I’m not looking to defend why I find what they say they want to do as being scary. And I’m not interested in attacking why I can’t buy what it is you’re buying. My request – sincere – comes from knowing that I know people whom I believe have reasonable heads on their shoulders. I want to understand why those whom I do believe are smart and compassionate but prefer different methods for getting at problems than I might, and with that, have different priorities that inform how they prefer to solve problems, find what appears to be happiness and comfort in this changing of the guard. Because I’m totally not getting that. I’m not sure I ever will – I’ll say that from the start. But I absolutely want to understand what it is that you see that I don’t see or that I’m rejecting – if in fact I do. I totally do not want to move back East but I’m a blue girl in a red state now and stepping out of the cave and into the political sphere as I have, I’m really, really not happy with what I’m seeing in the Ohio future. Those who supported Kasich et al – clearly you see something different.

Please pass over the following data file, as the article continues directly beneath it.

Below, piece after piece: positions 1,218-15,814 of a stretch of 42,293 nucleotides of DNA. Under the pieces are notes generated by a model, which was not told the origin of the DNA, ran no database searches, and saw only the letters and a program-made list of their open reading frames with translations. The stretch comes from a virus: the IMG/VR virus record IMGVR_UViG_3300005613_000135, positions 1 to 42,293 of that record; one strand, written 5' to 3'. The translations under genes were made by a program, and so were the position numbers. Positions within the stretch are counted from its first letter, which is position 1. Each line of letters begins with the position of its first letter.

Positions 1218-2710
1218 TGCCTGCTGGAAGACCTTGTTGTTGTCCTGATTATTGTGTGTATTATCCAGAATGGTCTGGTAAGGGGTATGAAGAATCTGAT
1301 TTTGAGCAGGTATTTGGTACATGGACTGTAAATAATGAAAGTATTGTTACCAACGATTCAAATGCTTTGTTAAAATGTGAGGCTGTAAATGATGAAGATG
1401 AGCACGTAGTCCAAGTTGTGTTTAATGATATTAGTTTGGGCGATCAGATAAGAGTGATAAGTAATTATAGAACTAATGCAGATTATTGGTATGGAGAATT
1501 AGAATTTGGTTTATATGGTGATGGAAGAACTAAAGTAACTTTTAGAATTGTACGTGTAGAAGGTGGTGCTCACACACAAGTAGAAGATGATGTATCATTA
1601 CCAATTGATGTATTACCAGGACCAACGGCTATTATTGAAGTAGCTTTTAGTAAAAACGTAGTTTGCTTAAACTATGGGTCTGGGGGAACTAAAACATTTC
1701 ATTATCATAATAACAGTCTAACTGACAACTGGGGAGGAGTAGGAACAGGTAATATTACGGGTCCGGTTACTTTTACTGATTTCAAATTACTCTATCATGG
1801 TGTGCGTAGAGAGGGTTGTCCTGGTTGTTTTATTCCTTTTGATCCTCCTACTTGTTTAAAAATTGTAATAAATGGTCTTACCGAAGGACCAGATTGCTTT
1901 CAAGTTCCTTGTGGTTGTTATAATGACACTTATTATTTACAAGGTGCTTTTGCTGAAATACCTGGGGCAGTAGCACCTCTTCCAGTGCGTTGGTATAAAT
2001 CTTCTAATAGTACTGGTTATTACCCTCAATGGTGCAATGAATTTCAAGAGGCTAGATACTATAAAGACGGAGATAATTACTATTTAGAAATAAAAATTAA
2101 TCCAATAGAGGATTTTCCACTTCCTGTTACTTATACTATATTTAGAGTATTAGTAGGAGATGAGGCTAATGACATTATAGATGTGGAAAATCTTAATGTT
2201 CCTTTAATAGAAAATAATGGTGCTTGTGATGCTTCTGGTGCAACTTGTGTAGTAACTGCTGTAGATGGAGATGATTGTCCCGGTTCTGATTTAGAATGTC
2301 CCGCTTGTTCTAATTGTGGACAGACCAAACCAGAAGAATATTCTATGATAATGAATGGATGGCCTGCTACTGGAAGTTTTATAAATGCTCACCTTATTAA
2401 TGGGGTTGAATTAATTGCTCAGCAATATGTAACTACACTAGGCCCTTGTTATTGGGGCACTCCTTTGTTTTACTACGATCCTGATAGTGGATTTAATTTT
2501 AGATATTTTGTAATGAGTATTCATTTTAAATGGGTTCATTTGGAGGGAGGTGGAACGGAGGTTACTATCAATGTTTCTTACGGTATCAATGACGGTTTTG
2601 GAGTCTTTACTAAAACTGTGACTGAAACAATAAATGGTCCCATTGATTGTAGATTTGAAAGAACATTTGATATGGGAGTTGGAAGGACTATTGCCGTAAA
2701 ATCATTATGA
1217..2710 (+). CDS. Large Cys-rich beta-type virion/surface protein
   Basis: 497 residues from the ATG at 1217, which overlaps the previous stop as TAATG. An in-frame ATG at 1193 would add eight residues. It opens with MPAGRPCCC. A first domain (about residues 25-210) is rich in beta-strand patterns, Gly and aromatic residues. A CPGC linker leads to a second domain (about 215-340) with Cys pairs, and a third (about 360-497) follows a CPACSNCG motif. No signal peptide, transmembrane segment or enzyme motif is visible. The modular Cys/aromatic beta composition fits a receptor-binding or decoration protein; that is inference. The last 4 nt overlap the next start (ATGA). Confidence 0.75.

I want to understand that. So I’m asking, and listening.
This morning’s Plain Dealer editorial about how John Kasich should start his term:
In the campaign, Kasich talked about getting more dollars into elementary and secondary-school classrooms; he needs to deliver. Strickland’s initiatives to expand green-energy jobs and investment in Ohio are paying off; Kasich should give them a chance to prove themselves. Likewise, it would be foolhardy to turn back $400 million in federal rail money that other states would snap up to increase their relative economic advantage.
John Kasich in a press conference yesterday: